Wednesday, January 02, 2008

New Year's Cakes (Nian Gow) at Shanghai Cafe

Many cultures have "good luck" dishes for the new year. In the American South it's traditional to eat Hoppin' John (black-eyed peas and rice) on New Year's day. In Italy the preferred New Year's food is lentils, often served with a sausage known as cotechino. In much of East Asia the New Year's items of choice are glutinous rice cakes of various sorts. The Japanese eat mochi, Koreans eat dduk, and Chinese people eat nian gow, literally "New Year's cake." Though there are Chinese sweet cakes known as nian gow, the kind I enjoyed this New Year's day are the chewy dumpling-like rice cakes, served sauteed or in soups, that are common in Shanghai cuisine, and which are basically the same as the Korean dduk. The glutinous rice flour is made into a cylinder and usually sliced into little ovals. I love the chewy consistency of Shanghai nian gow, and Shanghai Cafe, at 100 Mott Street in Chinatown, is one of the best places for them. It's run by a woman whose restaurant experience goes back to the legendary, now defunct Little Shanghai, which was perhaps Chinatown's first great Shanghai restaurant. The Shanghai rice cakes, as they're called on the menu, are sauteed with mixed meat and baby shrimp; one can also get rice cakes with mushrooms, single meats, or seafood. Shanghai Cafe is also as good a place as any in Manhattan for another Shanghai specialty, xiaolongbao (soup dumplings). A good place to sample Korean rice cakes is N.Y. Kom Tang Soot Bul House, at 32 E. 32nd Street, where every New Year's day they serve dduk kuk (rice cake soup) for free, a gesture which is intended to bring mutual good luck to proprietor and customer alike.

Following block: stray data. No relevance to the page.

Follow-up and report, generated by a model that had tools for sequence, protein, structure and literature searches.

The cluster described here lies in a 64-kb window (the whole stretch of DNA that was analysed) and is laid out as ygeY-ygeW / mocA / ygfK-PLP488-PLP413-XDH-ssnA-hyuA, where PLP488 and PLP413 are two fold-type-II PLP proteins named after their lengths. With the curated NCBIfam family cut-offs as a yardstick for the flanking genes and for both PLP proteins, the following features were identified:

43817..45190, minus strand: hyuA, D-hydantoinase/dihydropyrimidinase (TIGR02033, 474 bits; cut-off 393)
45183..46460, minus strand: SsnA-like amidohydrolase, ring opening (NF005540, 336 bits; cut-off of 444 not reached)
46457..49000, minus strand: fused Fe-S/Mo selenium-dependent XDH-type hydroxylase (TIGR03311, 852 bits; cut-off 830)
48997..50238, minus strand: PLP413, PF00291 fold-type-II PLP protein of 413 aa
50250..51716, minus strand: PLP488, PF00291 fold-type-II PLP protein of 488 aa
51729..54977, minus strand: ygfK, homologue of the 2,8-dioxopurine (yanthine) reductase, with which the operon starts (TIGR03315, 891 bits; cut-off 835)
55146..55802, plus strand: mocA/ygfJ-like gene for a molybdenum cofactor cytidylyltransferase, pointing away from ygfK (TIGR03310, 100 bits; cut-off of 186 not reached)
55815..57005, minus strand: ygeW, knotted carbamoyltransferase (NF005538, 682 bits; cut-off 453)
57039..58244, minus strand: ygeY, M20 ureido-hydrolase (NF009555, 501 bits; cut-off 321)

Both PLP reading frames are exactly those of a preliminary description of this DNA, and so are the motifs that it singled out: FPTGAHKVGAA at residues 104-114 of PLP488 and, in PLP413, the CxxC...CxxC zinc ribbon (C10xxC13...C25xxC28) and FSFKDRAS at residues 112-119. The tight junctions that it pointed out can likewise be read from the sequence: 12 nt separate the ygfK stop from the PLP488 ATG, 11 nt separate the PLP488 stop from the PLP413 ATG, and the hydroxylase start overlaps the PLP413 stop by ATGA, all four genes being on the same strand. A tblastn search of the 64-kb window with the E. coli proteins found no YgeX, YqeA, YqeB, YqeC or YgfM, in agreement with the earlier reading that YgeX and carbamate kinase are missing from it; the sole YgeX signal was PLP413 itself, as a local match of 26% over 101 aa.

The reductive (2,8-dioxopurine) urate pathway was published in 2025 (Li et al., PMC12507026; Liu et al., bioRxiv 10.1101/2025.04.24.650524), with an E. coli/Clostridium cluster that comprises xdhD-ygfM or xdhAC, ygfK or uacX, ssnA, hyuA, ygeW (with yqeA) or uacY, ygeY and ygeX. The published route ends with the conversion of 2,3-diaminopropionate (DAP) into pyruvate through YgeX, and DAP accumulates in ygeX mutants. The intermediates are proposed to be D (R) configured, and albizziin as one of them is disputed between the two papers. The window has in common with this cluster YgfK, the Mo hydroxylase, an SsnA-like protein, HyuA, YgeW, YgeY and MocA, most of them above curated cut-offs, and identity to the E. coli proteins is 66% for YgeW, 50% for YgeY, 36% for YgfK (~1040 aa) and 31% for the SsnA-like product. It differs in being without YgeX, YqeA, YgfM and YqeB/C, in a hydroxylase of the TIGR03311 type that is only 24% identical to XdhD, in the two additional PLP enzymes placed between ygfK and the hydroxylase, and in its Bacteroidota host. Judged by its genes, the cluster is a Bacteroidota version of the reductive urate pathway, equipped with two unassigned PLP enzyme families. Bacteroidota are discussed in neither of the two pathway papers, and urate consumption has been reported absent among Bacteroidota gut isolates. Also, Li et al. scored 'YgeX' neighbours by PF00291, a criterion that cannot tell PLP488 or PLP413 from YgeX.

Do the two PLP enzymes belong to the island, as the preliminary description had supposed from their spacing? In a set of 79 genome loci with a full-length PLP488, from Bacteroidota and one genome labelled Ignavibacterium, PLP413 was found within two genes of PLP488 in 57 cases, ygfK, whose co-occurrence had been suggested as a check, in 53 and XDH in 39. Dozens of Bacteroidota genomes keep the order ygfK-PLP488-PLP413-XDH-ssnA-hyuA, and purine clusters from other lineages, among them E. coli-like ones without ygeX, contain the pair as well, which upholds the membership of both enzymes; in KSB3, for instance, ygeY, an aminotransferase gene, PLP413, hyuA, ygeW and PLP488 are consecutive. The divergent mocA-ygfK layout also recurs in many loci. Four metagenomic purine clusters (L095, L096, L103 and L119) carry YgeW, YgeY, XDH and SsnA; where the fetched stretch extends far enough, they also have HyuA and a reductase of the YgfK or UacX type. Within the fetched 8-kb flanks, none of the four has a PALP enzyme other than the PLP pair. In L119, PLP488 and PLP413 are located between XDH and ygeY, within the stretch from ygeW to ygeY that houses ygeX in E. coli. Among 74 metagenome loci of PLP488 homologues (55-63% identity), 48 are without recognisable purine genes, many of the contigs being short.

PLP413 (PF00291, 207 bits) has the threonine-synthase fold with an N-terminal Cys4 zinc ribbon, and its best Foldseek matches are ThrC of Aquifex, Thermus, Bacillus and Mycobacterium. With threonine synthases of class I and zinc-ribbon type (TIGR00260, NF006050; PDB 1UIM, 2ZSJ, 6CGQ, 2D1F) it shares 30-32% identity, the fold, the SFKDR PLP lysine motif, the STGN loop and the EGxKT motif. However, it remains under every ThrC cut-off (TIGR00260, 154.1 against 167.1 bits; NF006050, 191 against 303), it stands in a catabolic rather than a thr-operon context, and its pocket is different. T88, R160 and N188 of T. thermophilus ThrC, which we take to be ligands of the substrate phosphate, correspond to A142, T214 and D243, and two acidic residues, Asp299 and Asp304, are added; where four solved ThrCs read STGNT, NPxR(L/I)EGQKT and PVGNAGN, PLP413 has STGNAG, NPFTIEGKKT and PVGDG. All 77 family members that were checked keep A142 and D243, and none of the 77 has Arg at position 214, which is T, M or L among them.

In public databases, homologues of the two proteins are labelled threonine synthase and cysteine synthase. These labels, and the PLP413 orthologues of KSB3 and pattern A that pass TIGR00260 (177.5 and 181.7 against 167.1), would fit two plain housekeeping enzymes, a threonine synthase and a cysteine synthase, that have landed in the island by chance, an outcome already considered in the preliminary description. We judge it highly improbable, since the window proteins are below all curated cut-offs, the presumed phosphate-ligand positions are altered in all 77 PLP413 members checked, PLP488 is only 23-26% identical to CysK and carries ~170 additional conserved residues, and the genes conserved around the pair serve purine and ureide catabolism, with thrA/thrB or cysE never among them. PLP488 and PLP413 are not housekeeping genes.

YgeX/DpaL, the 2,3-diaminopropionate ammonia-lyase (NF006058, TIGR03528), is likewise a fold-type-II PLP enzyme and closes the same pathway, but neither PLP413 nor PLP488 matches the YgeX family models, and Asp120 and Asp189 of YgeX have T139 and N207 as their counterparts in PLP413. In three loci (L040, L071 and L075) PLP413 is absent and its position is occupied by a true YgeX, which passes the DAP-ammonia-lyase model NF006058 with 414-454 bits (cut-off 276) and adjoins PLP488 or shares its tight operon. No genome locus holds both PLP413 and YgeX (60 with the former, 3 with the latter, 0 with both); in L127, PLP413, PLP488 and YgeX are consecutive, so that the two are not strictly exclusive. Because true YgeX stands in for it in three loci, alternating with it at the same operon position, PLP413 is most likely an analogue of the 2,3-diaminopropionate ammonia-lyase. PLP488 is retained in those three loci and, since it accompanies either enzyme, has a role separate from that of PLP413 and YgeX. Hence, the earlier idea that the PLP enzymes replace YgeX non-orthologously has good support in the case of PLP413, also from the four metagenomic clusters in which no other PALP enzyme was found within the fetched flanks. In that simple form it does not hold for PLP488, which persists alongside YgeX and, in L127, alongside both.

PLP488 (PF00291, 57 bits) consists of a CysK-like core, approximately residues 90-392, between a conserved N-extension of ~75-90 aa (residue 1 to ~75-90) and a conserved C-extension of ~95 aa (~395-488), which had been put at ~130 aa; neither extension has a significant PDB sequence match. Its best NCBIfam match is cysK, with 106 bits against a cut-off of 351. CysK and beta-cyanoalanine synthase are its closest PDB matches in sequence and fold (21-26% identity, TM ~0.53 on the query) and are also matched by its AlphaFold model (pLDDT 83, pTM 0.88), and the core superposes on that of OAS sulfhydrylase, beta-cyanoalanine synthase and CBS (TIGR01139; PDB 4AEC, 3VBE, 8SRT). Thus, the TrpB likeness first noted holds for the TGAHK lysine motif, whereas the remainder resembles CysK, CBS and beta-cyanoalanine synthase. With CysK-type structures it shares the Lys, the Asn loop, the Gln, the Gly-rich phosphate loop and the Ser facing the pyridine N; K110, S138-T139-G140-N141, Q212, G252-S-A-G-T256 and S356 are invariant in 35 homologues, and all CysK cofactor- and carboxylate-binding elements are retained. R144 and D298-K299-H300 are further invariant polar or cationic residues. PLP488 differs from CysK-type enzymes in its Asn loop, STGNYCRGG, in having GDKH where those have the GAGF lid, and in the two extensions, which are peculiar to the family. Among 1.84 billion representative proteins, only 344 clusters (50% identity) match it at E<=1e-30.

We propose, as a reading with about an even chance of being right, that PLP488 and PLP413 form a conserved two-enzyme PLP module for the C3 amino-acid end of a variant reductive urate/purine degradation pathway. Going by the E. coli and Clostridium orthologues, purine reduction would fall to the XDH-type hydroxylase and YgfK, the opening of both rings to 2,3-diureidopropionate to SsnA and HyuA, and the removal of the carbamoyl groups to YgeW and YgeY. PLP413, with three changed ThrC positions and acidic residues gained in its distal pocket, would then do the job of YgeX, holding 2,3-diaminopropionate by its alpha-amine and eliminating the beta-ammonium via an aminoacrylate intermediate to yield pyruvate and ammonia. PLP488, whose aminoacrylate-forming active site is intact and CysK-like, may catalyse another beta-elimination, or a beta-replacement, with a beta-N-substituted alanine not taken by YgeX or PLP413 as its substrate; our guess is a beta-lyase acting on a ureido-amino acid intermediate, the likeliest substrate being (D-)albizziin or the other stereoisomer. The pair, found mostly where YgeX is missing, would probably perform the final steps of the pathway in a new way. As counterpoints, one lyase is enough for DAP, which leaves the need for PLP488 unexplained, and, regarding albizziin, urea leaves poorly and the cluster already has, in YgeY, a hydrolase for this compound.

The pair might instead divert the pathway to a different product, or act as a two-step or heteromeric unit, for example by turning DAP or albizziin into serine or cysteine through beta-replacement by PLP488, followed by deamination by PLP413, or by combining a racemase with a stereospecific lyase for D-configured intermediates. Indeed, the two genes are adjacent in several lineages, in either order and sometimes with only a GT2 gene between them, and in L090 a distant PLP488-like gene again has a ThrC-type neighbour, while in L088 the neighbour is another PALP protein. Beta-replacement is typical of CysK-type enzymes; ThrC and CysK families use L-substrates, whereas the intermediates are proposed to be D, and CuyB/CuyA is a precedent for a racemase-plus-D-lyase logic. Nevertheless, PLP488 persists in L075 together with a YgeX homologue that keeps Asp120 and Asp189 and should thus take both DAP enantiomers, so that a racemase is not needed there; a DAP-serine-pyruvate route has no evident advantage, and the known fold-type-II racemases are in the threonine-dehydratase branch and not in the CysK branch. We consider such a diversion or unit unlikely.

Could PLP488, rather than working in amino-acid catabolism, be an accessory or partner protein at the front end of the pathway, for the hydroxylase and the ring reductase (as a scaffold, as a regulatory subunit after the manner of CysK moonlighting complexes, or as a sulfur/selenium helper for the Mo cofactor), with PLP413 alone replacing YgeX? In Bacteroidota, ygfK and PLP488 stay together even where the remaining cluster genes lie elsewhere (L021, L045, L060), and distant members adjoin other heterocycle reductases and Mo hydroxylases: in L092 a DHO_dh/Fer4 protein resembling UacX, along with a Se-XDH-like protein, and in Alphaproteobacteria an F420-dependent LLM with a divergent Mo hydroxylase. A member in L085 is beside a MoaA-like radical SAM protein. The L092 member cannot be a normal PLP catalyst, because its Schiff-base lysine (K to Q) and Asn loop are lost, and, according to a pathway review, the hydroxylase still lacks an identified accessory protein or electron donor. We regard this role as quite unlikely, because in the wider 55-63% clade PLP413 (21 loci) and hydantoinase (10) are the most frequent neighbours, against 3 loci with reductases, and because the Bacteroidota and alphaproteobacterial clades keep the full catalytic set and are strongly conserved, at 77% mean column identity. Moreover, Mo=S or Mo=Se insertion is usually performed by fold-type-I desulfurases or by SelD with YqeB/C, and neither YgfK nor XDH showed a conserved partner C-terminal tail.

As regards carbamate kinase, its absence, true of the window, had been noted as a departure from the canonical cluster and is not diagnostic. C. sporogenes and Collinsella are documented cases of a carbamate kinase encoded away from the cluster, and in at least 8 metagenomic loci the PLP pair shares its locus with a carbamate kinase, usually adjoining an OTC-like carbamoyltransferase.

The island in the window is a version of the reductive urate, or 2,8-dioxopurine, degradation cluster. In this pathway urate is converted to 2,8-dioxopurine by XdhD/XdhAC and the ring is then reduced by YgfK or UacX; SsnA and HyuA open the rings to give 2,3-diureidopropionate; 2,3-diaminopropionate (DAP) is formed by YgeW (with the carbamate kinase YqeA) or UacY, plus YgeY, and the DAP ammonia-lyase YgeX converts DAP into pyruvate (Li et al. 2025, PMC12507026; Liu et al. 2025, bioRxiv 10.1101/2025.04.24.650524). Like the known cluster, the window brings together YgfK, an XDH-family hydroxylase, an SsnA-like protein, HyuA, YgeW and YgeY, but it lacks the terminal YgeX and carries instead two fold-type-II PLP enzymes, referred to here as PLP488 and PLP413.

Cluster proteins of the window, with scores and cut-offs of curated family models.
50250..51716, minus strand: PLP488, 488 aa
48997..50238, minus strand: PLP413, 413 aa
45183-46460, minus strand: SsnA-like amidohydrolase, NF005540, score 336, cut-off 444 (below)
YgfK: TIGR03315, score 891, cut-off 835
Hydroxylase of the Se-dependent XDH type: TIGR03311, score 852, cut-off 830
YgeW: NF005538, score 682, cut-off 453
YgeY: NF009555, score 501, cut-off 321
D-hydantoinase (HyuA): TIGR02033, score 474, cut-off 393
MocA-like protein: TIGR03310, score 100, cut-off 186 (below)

The proprietor of Word of Mouth wishes all his readers good luck for the new year.

Shanghai Café on Urbanspoon


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